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Published: February 25th 2015
Normandy and D-Day are easily recognized words meaning the greatest amphibious assault in human history that brought the end of WWII in a little less than a year. I was privileged enough to get and spend a day touring the sights during my recent trip to France. I stayed in Bayeux which was liberated by the British and not touched during the war so the town is just as beautiful and authentic as it was before the war. Many of the restaurants and various places in town have signs thanking the liberators and welcoming veterans and maybe it is all a tourist ploy, but I did not get that feeling walking around the town. These people are still very thankful for the sacrifice that all the Allied troops made to liberate the French people from the Nazis.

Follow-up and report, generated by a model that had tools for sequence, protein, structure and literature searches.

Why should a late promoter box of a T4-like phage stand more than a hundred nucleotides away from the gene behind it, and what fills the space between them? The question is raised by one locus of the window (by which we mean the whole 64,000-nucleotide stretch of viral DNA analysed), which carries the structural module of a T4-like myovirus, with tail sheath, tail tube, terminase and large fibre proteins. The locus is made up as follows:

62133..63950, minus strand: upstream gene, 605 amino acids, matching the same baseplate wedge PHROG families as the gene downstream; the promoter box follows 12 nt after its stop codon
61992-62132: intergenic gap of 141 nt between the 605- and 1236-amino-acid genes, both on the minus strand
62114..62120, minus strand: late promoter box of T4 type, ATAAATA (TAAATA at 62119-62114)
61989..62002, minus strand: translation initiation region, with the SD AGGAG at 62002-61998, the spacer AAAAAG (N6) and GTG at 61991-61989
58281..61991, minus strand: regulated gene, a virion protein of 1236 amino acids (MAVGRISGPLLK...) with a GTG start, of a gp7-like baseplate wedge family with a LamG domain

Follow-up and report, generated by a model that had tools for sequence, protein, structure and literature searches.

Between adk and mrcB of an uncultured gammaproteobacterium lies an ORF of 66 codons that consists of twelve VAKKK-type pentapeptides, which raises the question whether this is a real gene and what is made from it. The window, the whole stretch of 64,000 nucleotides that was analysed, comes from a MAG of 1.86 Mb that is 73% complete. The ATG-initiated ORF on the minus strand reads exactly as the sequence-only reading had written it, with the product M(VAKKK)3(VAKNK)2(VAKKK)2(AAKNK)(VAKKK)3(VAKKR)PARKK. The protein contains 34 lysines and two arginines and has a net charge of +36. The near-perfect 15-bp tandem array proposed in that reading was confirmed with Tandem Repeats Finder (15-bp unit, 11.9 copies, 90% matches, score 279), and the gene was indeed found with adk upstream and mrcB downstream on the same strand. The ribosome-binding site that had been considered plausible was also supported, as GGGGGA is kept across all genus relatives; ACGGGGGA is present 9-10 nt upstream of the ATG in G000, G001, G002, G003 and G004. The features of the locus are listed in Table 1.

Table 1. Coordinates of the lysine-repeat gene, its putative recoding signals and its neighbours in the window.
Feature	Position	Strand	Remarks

The day of my tour started with being picked up at the doorstep of my hotel, which was very nice. From the hotel our tour guide, Olivier, started to give us a brief WWII history and the events that led up to D-Day. Our first stop on the tour was a place that I think is often forgot about and we do not always think about, the German Cemetery. It is easy to forget that the Allies were not just firing at dummies or aliens or something, but there were children, brothers, fathers and grandfathers on the other side. This is really brought to life in the German Cemetery as most of the Germans who fought at Normandy were either young or old because the Nazis were not expecting an attack there. There are boys as young as 14 buried in the cemetery and many of the soldiers were not there on their own accord, rather being forced. This is illustrated by the statues of a mother and father looking out at their children on top of a hill that houses around 200 unknown soldiers in the middle of the cemetery. It is also interesting to compare the German Cemetery and American one. There are over 21,000 Germans buried here, with two to a grave with only a plaque on the ground, whereas the Americans have a cemetery nearly twice as big with 9000 soldiers, each having their own grave. Interesting to see how the "enemy" is nearly forgot about and if it were not for private donors, the cemetery would not exist at all. I think in America we have this belief that all Germans were Nazis, but this is far from the truth. Having spoken to some of the German international students, they all have family members that never returned from the war and most the time, that is all they know, they did not return. It makes the War that much more human.